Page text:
Static typing and expressiveness 
Author Message
 Static typing and expressiveness

Quote:

>You lose "expressive" power in a statically typed language.
>Consider the lambda calculus. In the usual (dynamically typed)

                                             ^^^^^^^^^^^^^^^^^
Sorry - the usual (pure) lambda calculus is untyped. I quote from [2]:

    "In the lambda calculus, everything is (or is meant to represent) a
    function.  Numbers, data structures and even bit strings can be
    represented by appropriate functions.  Yet there is only one type: the
    type of functions from values to values, where all the values are them-
    selves functions of the same type."

In other words if a closed lambda expression has type X then it also has
type X->X.  The only solution is to assign the type \mu x . x -> x to all
lambda expressions (as in [4]). The result is that everything has the same
type and by a traditional abuse of terminology whenever a language has only
one type we say it is untyped (or type-free as in [1], p5).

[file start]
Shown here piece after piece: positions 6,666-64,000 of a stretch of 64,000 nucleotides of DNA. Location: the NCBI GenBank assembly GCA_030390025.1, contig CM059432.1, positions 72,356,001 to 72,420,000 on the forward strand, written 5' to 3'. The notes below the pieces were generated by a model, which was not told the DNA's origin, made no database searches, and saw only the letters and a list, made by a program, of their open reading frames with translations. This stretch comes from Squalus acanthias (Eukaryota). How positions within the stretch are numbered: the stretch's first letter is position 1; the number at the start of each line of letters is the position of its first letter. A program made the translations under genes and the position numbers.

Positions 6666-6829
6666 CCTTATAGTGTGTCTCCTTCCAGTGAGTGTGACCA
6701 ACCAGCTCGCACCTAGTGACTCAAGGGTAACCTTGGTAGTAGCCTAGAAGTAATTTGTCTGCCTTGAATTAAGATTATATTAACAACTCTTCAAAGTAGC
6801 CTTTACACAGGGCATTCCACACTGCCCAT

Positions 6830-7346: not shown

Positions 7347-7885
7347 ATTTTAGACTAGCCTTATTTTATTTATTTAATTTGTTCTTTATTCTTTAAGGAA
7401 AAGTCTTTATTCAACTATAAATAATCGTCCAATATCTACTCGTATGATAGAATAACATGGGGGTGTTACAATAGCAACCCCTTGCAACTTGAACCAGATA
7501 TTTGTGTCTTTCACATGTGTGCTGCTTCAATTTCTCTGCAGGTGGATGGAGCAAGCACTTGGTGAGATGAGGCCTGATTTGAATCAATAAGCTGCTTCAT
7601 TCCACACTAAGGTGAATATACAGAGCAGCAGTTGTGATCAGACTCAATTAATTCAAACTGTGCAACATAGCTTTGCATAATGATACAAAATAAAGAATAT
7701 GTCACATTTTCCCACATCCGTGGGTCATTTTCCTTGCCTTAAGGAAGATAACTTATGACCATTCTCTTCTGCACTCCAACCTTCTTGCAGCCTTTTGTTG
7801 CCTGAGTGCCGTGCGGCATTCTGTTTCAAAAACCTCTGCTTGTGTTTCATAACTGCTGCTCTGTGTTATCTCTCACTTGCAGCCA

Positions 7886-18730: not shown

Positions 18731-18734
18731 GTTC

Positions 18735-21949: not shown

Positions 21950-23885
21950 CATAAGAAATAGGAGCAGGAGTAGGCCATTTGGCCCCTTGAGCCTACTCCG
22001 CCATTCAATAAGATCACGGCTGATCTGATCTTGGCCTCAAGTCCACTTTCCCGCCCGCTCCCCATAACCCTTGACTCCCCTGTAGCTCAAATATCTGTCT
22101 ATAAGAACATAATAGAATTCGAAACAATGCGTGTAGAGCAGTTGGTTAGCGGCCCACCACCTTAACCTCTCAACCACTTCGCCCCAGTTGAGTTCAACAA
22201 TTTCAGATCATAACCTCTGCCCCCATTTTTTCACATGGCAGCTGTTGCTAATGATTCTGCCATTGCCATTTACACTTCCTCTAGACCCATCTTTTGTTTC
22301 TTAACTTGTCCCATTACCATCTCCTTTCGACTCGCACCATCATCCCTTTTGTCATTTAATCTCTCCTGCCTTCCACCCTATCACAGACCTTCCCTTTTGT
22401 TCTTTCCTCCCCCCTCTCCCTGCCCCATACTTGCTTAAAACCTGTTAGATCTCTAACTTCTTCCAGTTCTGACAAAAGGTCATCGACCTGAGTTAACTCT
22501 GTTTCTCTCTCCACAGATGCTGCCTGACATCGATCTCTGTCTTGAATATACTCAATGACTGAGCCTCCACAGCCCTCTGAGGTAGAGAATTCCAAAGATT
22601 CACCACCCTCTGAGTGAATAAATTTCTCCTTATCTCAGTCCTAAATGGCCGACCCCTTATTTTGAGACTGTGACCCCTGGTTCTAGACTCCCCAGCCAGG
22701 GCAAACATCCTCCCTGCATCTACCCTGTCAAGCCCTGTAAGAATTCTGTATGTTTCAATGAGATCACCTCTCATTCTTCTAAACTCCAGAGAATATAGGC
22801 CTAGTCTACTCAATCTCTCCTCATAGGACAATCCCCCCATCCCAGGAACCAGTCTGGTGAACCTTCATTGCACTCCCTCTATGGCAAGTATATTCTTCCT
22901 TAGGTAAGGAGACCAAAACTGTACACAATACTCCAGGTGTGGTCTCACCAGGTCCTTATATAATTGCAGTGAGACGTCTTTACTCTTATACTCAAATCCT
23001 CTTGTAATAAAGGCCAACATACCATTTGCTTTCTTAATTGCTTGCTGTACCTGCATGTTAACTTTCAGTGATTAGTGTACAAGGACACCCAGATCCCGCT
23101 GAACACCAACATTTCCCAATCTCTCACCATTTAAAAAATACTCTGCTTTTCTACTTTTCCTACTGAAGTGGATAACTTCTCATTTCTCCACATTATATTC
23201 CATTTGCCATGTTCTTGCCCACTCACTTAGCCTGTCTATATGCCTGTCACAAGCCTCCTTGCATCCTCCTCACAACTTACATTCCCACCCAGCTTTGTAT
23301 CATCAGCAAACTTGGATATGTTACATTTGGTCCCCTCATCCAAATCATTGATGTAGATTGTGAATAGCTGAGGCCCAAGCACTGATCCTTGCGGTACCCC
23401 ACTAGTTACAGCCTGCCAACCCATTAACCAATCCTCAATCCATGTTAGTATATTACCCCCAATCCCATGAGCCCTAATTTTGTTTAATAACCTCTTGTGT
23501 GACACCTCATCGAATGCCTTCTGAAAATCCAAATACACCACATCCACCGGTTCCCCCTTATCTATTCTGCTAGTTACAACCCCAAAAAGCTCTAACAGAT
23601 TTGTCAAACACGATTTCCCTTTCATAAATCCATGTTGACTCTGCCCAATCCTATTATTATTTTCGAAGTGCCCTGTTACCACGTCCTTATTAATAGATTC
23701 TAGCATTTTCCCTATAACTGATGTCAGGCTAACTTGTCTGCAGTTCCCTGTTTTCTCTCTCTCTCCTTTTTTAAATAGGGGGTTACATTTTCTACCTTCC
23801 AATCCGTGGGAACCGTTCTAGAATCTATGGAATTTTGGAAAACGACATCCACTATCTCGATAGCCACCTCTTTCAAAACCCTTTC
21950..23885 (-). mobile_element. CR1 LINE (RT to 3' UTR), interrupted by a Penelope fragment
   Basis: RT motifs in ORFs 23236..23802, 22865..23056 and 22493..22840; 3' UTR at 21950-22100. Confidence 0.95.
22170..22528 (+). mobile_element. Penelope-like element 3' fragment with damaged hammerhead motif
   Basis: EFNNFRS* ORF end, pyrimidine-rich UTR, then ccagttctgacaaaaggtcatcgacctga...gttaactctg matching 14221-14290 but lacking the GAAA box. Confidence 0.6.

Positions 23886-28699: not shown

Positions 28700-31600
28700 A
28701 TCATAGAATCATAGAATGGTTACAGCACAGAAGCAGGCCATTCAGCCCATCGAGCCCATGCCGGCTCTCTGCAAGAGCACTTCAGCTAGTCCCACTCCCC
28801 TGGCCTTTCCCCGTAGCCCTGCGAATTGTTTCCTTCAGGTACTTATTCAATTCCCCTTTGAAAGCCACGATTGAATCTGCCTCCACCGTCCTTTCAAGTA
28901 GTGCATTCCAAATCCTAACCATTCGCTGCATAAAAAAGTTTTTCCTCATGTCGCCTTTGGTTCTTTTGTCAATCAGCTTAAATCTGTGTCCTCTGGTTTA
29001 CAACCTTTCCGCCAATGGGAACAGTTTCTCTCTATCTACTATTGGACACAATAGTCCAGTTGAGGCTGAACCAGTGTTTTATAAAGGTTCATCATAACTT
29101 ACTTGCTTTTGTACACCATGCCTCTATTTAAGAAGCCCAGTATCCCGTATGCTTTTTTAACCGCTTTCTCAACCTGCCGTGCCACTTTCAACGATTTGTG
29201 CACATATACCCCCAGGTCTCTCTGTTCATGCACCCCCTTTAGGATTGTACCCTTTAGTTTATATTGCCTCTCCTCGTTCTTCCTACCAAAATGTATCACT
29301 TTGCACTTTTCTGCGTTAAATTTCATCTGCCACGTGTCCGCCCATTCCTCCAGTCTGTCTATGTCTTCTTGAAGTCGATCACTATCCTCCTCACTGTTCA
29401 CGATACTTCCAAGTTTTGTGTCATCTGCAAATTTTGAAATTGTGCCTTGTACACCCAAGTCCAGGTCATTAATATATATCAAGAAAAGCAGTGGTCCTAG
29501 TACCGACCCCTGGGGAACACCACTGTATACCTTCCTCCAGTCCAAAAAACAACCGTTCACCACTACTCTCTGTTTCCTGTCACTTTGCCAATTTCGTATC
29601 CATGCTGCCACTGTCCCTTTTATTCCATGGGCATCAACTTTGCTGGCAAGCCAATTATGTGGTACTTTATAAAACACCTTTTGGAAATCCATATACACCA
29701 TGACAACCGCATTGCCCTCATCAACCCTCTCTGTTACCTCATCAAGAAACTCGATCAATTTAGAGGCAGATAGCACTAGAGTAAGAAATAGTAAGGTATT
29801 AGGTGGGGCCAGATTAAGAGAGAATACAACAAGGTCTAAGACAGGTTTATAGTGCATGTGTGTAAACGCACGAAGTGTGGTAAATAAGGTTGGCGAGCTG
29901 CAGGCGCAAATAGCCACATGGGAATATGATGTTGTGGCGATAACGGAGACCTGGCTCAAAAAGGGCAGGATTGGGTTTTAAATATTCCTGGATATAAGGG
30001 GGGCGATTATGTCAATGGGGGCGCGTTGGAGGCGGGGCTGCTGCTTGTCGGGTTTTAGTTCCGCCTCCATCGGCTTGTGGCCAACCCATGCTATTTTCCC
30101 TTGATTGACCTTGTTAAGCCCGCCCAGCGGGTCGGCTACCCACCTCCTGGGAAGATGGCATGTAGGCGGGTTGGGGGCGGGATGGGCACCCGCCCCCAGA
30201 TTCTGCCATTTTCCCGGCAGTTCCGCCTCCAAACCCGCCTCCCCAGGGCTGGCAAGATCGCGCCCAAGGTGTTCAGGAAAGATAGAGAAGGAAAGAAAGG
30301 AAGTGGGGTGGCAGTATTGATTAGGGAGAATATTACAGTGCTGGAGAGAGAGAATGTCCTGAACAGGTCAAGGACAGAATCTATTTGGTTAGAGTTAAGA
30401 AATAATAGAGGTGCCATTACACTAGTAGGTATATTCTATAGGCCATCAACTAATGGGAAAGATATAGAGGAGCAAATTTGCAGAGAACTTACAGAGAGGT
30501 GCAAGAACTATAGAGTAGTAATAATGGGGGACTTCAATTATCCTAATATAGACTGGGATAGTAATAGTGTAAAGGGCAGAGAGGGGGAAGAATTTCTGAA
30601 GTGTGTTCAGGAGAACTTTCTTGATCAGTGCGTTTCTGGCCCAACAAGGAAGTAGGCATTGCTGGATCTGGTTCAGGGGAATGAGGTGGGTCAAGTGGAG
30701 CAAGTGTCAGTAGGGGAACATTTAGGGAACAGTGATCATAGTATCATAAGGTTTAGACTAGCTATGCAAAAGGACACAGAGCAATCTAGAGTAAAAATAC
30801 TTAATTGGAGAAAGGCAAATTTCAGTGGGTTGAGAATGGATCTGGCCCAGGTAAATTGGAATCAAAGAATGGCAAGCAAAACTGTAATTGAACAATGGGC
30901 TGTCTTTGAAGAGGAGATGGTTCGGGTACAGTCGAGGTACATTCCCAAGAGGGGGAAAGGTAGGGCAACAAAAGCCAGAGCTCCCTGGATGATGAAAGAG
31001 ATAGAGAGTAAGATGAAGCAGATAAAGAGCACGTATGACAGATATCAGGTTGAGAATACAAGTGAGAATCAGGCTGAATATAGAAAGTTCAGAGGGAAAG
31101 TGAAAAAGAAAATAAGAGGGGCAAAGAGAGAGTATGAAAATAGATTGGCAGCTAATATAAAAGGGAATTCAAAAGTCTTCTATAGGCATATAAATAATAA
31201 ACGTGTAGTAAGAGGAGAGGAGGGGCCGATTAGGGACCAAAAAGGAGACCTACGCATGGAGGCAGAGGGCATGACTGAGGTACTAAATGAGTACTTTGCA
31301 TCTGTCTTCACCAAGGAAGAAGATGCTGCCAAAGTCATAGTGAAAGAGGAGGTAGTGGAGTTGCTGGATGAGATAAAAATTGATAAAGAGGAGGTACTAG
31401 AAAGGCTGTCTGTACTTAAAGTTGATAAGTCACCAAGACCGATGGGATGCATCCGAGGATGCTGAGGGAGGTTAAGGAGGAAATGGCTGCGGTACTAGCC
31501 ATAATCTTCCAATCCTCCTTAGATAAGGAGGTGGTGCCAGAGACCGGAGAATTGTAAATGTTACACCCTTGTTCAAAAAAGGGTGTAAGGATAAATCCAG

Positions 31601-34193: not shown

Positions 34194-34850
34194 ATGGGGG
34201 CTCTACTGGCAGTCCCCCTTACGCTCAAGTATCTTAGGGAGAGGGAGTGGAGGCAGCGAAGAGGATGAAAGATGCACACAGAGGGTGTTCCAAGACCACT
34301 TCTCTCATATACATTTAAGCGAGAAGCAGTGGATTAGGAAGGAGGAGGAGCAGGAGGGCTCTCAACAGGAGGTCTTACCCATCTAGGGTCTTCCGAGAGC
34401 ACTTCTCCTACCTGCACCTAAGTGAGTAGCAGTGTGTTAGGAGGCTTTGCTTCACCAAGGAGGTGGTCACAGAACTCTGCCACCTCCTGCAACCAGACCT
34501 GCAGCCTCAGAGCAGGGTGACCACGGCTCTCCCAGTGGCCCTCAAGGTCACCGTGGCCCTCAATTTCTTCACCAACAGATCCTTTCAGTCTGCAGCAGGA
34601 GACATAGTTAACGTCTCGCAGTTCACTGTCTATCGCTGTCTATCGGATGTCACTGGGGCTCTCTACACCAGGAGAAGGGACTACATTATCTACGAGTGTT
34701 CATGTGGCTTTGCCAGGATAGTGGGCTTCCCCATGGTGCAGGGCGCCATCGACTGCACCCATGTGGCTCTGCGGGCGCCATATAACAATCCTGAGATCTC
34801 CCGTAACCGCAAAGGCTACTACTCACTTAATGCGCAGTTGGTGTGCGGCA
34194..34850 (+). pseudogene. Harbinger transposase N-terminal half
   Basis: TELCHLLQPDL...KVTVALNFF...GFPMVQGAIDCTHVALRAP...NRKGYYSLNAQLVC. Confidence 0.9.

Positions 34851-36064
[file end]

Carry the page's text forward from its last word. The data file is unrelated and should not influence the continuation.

Quote:
>setting the language can express all computable functions and
>hence equality of terms is undecidable. However, in the simply
>typed frame, equality becomes decidable. The simple minded  
>type system rules out so many programs that you can longer
>write non-terminating programs [1]. Moreover, no matter how
>"smart" your type system is, it will still rule out some
>perfectly good programs.

This is certainly true. A good example of this is subtraction. In the first
order (or simply-typed) lambda calculus it is possible to represent numbers
and some operations on them such as successor and addition but it is not
possible to represent subtraction (see [3]). You need to step upto the
second-order system to be able to do subtraction.  Most people regard
subtraction as desirable (and hence "good").

Quote:
>Theorem: No (decidable) static type system can only accept all the
>"good" programs in a "reasonable" language.

There are two main things to point out here. Firstly most functional